Group Think

When one of my students complains that they are being singled out for disciplinary reasons and others were doing it (whatever the transgression) too, I say, “Hey, I saw you. And the tallest flower gets cut down. Don’t stand out.” I know there’s something a little nefarious about this admonishment — after all, we want our children to be unique, to stand tall, but, hey, if they take the lead in mischief, I have to call them out and have them cut it out.

Creativity is such a shimmering, malleable thing. You can be creative when you take the lead — for mischief or for good. And you can be creative when you swim against the stream.

I’ve written about the collaborative nature of creativity. But there’s also the solitary work of it. For example, over my lifetime, I’ve worked on several novels. Many times, I stopped midstream on a big writing project because I lacked a tenacity of imagination. Or maybe it was purpose. Or I needed encouragement.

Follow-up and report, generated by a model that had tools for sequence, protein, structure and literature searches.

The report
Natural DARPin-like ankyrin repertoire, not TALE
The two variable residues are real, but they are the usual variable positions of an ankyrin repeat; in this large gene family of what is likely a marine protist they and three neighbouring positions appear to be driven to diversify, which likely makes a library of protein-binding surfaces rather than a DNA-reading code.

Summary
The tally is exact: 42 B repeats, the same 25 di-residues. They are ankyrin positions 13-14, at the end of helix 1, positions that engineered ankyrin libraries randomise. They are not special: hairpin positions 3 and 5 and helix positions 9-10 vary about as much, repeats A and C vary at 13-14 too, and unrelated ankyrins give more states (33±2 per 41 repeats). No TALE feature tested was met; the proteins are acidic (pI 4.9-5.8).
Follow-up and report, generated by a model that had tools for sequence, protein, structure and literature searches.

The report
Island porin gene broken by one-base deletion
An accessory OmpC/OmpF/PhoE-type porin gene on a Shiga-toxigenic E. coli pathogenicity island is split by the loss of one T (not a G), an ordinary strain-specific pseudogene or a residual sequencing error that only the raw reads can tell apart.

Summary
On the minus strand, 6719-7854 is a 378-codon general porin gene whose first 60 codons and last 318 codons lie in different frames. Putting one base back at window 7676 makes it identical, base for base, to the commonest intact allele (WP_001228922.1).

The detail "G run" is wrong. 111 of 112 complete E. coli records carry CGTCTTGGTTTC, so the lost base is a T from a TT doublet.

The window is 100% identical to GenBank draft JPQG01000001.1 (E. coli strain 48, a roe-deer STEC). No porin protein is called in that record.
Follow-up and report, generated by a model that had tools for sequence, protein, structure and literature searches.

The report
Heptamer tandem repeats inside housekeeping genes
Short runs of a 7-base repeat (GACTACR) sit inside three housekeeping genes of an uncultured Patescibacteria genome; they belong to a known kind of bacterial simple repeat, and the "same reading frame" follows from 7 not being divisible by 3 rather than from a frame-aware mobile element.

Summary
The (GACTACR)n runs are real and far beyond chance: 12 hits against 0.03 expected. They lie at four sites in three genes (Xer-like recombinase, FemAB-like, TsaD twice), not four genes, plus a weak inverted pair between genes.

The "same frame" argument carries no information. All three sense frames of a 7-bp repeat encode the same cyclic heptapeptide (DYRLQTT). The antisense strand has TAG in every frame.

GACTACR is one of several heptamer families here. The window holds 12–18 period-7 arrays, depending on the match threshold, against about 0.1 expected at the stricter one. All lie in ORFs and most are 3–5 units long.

I think what I truly lack, at times, is the comfort of group think . This is why I love a writing workshop. There’s something about our shared purpose. We are all doing something separately, but doing it together.

I once interviewed a biker for breast cancer who said motorcyclists feel this on a long ride. They feel a great sense of purpose, being alone together. It must be biological — why we seek our tribes and want to be together.

When I toured the art studios last week, I met a photographer who captured beautiful pictures of starlings in flight, crisscrossing the sky at dusk. The birds were expanding, contracting, creating patterns. It was almost like they were breathing into formation and breathing out.

I’ve since learned  this is called murmuration. And it is so beautiful.


The creatures cover the night sky — alone together — like artists in studios, bikers on a long ride, or writers in a workshop.

For creative people, sometimes you fly together, sometimes alone. And the trick is feeling empathy for yourself whichever way you fly. And finding beauty in the journey and in the patterns in the sky.

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